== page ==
Who gets the upper hand over the net?

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Lisbon An internet with fair rules must come from. The EU Competition Commissioner Margrethe Vestager has been campaigning for years. On the one hand, many companies should be given the opportunity to earn money online. On the other hand, this should protect the data of users.

Now she has traveled to Lisbon to discuss such rules with representatives of the industry. The fact that the regulator at the international technology fair Web Summit gets the last word is a message in itself. At the fair, small and large technology companies exchange ideas with traditional corporations and politics – without the pressure of election campaigns and mass audiences. Vestager said before her appearance that this was an opportunity to engage in an open discussion about ideas and thoughts “that would not have to be hammered into regulations”, but which could enable a new community.

It's less about product hype than about technological or philosophical issues like this: is the grid a dangerous place? Is privacy more important than law enforcement? How can people and societies be protected against manipulation? Above all, the question arises: Does the tech scene solve its own problems or does politics take the upper hand over the net?

Also for energy companies like Shell are the groundbreaking questions. At the technology fair, chief strategist Ed Daniels talks about various future scenarios. The current developments could thus lead to a world of digital islands in which globalization has turned back, to an authoritarian world in which governments and tech companies jointly control the network or to a highly networked world of open platforms on which international values ​​are lived ,

“We have to be prepared for any of these alternative future scenarios,” says Daniels Handelsblatt. “We therefore use these scenarios where and how we invest.”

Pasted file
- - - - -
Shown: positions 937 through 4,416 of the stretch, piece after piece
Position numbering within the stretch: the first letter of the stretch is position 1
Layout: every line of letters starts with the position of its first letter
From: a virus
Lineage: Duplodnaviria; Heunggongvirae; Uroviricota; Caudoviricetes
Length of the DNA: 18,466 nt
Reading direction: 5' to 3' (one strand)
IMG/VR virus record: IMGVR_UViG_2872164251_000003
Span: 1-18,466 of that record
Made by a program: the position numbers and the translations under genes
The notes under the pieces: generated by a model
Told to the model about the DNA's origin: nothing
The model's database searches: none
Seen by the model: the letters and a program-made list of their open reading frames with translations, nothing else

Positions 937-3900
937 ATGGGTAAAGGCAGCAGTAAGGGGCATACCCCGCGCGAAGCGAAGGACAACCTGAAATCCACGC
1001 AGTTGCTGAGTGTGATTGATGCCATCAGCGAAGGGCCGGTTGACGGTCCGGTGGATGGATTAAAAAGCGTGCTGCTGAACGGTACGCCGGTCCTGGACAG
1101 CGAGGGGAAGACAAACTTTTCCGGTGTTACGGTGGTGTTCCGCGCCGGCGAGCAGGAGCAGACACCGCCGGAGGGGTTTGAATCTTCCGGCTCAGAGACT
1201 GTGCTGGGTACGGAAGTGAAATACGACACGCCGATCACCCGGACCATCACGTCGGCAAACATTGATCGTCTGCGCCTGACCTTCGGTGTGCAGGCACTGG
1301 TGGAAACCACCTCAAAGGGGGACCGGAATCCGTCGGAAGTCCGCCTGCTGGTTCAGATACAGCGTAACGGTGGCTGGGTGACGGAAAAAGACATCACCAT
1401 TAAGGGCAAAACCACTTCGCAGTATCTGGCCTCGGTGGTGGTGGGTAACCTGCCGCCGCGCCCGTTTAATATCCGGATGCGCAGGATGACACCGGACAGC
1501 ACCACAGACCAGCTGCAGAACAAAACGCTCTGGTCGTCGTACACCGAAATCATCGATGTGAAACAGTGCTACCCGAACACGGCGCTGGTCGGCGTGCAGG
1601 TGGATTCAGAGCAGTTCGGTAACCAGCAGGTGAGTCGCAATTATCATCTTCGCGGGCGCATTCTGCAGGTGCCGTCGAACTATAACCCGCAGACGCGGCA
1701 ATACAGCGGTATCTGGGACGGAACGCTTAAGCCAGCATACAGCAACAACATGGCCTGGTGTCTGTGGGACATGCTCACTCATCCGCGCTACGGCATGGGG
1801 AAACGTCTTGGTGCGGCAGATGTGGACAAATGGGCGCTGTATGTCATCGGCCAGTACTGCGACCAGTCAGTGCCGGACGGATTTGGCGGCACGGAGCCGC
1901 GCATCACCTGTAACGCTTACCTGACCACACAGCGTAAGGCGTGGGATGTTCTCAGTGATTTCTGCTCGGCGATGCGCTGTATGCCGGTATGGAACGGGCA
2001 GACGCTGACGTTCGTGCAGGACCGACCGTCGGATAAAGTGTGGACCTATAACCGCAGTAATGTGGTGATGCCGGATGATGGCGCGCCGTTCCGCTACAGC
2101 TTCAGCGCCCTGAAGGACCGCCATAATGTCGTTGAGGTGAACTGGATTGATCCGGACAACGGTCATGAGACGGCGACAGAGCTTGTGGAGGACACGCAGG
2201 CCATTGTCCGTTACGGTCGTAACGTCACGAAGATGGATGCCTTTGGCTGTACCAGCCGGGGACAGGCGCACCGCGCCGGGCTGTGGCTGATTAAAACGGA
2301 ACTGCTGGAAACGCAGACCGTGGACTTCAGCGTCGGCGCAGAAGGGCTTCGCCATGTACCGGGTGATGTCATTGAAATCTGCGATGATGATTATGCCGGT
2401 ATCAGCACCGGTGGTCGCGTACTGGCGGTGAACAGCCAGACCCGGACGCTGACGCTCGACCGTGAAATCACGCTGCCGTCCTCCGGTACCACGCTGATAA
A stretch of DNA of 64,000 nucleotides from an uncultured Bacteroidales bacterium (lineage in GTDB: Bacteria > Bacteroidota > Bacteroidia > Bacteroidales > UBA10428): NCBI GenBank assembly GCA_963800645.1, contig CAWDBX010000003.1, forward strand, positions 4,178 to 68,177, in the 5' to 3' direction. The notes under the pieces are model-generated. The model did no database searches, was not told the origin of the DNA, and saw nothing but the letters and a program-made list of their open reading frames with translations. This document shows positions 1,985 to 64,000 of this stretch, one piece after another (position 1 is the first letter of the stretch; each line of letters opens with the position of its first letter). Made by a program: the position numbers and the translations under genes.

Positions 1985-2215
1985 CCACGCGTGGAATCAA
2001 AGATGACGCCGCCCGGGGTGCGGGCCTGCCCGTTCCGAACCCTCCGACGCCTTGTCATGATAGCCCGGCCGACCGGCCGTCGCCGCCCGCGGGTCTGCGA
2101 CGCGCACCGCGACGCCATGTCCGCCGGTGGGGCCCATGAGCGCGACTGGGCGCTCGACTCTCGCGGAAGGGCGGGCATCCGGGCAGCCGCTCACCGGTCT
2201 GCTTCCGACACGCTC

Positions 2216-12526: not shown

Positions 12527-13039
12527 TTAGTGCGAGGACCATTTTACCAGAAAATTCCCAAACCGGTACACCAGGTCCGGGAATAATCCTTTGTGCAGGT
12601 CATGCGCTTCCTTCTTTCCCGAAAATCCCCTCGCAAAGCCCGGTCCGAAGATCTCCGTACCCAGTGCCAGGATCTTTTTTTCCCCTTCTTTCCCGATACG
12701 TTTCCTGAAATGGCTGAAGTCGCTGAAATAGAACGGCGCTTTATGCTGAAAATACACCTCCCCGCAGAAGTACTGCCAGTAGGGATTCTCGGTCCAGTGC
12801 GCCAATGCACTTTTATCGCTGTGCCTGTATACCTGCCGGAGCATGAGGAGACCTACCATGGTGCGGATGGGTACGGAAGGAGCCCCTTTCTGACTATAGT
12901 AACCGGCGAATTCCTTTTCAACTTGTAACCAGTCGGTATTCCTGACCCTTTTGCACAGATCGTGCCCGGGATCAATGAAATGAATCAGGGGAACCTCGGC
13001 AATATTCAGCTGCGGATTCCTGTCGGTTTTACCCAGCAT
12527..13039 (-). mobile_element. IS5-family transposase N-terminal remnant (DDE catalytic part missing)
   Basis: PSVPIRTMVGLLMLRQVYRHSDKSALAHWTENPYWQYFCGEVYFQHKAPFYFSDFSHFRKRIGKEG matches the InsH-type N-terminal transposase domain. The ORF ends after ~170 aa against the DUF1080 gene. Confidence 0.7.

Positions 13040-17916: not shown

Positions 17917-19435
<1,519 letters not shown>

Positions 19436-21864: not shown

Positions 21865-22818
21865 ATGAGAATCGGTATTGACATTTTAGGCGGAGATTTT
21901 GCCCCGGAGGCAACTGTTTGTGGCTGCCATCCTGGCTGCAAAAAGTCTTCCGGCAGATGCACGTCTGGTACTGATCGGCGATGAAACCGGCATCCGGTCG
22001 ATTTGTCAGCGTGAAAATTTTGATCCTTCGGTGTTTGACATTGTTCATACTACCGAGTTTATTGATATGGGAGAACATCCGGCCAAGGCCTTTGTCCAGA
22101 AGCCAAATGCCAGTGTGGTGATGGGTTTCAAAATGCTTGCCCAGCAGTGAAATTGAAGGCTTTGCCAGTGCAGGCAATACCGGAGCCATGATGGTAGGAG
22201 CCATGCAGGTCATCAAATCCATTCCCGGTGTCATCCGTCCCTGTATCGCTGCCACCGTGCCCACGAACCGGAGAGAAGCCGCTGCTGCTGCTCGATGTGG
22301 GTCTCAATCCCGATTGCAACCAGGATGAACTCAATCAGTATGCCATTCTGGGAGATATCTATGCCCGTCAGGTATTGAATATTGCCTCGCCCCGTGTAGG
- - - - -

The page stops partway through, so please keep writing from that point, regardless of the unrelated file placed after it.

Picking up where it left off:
However, it is debatable whether governments or companies can better protect personal information and act in the interests of users, and whether more regulation leads to over-monitoring. Edward Snowden distrusts both sides. In order to warn people against data-collecting companies and authorities, he has given up his personal freedom. “The business model of Google. Amazon and Facebook in itself is abuse, “the whistleblower said at the beginning of the fair and warned: Wherever data is stored, they will leak at some point.

A case that became known Wednesday confirmed that the Saudi government allegedly hired two Twitter agents for espionage, US prosecutors said. The kingdom has sought information about government critics, according to a complaint filed with a San Francisco district court. The goal had been, thousands TwitterSpy accounts.

Criticism slowly shows effect

Snowden observes that there is now an awareness of the problem in such cases. This is also due to politicians and representatives of powerful institutions worldwide who demand in parliaments and even louder on Twitter to smash the tech giants or restrict it with other laws. Suddenly, privacy is no longer boring, privacy becomes existential for the Internet companies.

Facebook manager Jay Sullivan told the Web Summit how the company is advising the FBI and child protection agencies on the encryption of its intelligence services, while stressing that Facebook would “leave no-hurdle” to public authorities when it enacts the encryption of all its services.